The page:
SpaceX has announced the upcoming launch of the Crew Dragon spacecraft and Falcon 9 rocket to the International Space Station (ISS) on Jan. 18, 2019 to test the spacecraft’s in-flight abort capabilities, the company reported on Monday.
NASA’s commercial Crew Program, with SpaceX, will prepare to launch the final test before the Dragon and Falcon 9 are occupied for departure to the ISS. The agency will use the in-flight abort feature to show the spacecraft’s escape capabilities, which the crew system can use to protect astronauts in the event of an emergency during launch.
In preparation for the launch, SpaceX and NASA will practice operations with the astronauts on standby, and they will perform the final spacecraft inspections and side hatch closeout. Flight controllers and support teams will also be present to help them integrate the launch team and gain additional experience outside of simulations and training.
During the test, the company will trigger Crew Dragon’s launch escape approximately 1 minute and 30 seconds into flight to demonstrate the spacecraft’s ability to safely separate from the Falcon 9 rocket in the event of an in-flight emergency.
Upon the spacecraft’s return, Air Force Detachment-3 personnel and SpaceX will work together to further analyze the safety features of the launch and landing. Additionally, the company will practice their initial approach to the spacecraft in the open ocean.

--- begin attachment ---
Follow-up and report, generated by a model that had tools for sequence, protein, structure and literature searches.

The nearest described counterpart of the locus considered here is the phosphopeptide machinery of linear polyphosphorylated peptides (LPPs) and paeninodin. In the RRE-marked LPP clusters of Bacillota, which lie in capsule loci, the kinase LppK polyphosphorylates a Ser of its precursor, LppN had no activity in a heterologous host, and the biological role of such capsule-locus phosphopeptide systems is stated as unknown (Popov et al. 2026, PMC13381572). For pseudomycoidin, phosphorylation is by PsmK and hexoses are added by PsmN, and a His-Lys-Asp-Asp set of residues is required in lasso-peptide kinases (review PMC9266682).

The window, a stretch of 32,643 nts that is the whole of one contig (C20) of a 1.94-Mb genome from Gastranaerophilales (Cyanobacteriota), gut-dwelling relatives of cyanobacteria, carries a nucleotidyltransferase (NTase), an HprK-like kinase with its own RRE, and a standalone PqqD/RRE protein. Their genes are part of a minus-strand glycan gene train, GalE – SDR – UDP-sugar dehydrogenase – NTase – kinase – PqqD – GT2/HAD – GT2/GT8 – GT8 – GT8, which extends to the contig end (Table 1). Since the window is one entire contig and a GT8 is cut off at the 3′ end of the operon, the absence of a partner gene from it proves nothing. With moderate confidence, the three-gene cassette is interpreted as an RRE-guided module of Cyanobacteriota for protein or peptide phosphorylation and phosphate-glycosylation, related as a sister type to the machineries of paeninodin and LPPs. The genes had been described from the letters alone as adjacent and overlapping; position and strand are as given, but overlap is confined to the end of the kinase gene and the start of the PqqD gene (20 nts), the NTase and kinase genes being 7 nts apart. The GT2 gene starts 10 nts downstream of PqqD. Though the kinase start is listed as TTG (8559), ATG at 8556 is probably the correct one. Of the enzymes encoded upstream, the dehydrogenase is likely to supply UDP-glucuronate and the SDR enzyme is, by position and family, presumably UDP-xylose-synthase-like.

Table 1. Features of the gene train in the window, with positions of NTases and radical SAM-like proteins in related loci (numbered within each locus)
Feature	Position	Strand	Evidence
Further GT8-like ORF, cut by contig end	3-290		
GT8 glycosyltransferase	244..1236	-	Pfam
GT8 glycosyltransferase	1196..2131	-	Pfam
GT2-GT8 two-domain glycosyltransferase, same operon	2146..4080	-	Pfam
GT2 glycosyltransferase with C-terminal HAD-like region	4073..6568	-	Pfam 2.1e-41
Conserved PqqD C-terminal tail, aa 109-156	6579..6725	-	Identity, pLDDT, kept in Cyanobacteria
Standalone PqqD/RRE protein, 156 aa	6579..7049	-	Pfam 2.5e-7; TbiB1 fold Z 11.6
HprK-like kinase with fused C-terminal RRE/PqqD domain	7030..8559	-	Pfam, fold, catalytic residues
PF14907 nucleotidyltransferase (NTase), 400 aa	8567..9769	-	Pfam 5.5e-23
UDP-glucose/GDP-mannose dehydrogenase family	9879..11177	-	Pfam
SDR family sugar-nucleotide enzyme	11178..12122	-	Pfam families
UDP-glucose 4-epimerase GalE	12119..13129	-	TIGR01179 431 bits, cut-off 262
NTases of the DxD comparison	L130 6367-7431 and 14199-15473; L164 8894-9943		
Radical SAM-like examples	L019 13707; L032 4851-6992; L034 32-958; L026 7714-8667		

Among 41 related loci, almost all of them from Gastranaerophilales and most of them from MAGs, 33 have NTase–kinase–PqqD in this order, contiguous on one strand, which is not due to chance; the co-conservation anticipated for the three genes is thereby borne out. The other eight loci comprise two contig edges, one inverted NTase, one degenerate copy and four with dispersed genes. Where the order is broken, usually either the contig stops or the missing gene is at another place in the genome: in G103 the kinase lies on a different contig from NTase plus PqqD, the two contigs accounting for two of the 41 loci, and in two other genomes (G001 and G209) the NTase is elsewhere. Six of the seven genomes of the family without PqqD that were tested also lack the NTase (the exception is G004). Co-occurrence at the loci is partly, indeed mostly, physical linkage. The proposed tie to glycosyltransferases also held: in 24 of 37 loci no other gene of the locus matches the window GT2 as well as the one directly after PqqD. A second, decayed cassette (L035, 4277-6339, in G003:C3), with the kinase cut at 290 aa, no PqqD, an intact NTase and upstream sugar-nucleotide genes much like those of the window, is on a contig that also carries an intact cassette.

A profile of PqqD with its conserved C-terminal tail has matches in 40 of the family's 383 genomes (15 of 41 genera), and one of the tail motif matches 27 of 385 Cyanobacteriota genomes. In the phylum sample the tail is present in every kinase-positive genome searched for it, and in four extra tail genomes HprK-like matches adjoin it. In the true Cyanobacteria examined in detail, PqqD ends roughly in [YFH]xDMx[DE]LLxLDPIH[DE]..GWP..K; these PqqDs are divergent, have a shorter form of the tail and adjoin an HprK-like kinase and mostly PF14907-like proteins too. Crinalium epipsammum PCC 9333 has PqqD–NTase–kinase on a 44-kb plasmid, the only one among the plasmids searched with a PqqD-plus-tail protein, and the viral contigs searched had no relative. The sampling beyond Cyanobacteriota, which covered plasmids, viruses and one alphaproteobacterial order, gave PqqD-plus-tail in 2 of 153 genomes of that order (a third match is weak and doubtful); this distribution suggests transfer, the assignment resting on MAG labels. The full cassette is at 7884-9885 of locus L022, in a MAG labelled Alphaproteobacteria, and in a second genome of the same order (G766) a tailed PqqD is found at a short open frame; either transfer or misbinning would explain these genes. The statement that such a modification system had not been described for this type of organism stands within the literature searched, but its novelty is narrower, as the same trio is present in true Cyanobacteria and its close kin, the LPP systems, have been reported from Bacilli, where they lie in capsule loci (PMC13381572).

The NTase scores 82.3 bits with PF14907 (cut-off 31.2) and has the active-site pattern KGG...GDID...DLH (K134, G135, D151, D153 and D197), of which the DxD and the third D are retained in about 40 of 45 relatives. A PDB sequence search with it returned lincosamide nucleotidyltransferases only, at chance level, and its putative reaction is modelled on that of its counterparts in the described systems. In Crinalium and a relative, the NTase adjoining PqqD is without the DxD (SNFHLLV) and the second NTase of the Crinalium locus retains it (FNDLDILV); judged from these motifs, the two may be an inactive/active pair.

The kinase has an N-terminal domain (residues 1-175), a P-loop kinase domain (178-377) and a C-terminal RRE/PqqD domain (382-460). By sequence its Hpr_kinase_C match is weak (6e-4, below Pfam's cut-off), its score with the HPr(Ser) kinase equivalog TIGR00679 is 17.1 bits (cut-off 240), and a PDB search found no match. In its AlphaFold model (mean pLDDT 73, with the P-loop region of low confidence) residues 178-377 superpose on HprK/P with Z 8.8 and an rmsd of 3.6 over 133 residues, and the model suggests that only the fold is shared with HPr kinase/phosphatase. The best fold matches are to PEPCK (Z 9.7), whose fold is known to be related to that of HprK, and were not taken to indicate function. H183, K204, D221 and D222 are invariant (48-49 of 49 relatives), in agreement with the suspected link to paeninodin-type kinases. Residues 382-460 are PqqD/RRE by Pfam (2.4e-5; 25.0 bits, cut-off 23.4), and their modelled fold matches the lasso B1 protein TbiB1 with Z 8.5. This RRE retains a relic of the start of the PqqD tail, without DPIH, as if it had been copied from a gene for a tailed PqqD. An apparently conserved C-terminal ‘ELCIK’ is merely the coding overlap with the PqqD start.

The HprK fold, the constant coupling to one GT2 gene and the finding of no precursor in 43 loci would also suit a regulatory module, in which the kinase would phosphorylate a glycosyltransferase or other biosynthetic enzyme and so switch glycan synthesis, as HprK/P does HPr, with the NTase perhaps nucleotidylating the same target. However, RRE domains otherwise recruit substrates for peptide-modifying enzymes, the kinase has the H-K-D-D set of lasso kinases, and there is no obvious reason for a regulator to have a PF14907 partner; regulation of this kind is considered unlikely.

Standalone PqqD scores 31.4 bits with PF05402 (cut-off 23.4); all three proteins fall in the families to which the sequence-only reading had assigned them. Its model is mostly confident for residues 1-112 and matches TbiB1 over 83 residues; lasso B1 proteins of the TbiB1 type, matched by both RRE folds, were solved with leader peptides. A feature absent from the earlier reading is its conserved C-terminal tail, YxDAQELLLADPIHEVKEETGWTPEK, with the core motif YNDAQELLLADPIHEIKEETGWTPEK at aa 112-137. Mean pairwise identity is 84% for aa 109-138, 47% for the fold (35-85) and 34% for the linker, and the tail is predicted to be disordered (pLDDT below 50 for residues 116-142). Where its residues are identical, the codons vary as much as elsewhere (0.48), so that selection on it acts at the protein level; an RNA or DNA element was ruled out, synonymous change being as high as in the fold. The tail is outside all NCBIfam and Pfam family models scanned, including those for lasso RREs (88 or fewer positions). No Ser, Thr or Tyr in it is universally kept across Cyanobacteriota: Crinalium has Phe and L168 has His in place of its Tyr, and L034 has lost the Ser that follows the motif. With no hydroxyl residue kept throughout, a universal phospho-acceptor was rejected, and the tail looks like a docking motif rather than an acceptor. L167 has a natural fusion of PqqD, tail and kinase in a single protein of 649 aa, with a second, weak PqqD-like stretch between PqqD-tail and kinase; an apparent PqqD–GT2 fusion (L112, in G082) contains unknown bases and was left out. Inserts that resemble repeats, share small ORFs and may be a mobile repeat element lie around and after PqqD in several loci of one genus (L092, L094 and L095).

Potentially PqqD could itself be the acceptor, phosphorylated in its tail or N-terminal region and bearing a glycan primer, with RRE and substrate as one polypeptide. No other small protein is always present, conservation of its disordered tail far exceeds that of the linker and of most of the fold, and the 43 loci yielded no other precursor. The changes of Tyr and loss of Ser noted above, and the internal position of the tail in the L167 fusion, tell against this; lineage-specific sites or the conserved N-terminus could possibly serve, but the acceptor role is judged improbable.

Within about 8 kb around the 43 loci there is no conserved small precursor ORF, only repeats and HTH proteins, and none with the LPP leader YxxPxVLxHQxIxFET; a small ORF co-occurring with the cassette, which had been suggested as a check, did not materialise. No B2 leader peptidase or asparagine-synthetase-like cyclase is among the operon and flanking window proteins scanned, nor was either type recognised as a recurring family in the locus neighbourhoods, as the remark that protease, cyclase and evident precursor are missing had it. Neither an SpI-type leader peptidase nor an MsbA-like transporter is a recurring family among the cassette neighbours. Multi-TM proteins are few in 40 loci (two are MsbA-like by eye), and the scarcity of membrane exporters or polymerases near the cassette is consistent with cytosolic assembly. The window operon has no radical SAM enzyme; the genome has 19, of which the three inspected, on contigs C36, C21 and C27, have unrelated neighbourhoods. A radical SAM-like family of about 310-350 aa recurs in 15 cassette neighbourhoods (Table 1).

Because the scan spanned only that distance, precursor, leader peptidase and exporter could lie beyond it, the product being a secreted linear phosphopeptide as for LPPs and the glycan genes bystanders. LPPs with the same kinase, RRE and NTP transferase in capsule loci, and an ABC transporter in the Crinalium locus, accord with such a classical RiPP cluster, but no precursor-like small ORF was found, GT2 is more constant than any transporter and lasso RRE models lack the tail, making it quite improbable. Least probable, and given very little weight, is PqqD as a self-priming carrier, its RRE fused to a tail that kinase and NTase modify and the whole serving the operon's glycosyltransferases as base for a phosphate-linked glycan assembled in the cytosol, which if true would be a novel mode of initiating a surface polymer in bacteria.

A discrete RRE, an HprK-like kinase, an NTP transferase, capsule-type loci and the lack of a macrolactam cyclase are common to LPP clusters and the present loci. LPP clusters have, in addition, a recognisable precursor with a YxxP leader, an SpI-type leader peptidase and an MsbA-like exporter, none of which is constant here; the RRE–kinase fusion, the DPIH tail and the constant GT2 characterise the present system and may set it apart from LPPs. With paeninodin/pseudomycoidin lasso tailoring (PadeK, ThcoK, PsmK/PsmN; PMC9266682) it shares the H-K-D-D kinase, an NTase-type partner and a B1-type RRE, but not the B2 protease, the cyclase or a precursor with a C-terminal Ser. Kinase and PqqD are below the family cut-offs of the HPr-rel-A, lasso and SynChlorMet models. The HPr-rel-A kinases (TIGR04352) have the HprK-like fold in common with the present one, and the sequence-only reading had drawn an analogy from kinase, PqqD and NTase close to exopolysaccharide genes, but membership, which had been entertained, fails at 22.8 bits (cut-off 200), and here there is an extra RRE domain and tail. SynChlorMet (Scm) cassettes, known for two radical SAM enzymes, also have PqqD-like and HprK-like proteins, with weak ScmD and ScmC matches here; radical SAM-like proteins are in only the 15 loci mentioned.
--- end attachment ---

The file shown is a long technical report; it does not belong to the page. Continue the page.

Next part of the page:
The training will allow the personnel to mimic an actual spacecraft launch and retrieval methods before the SpaceX team recovers Crew Dragon for return to Cape Canaveral. The uncrewed flight test scheduled for 8 a.m. EST Saturday, Jan. 18, departing from Launch Complex 39A in Florida. The test will last for four hours.
Space Exploration Technologies Corp., doing business as SpaceX, is a private American aerospace manufacturer and space transportation services company headquartered in Hawthorne, California. It was founded in 2002 by Elon Musk with the goal of reducing space transportation costs to enable the colonization of Mars.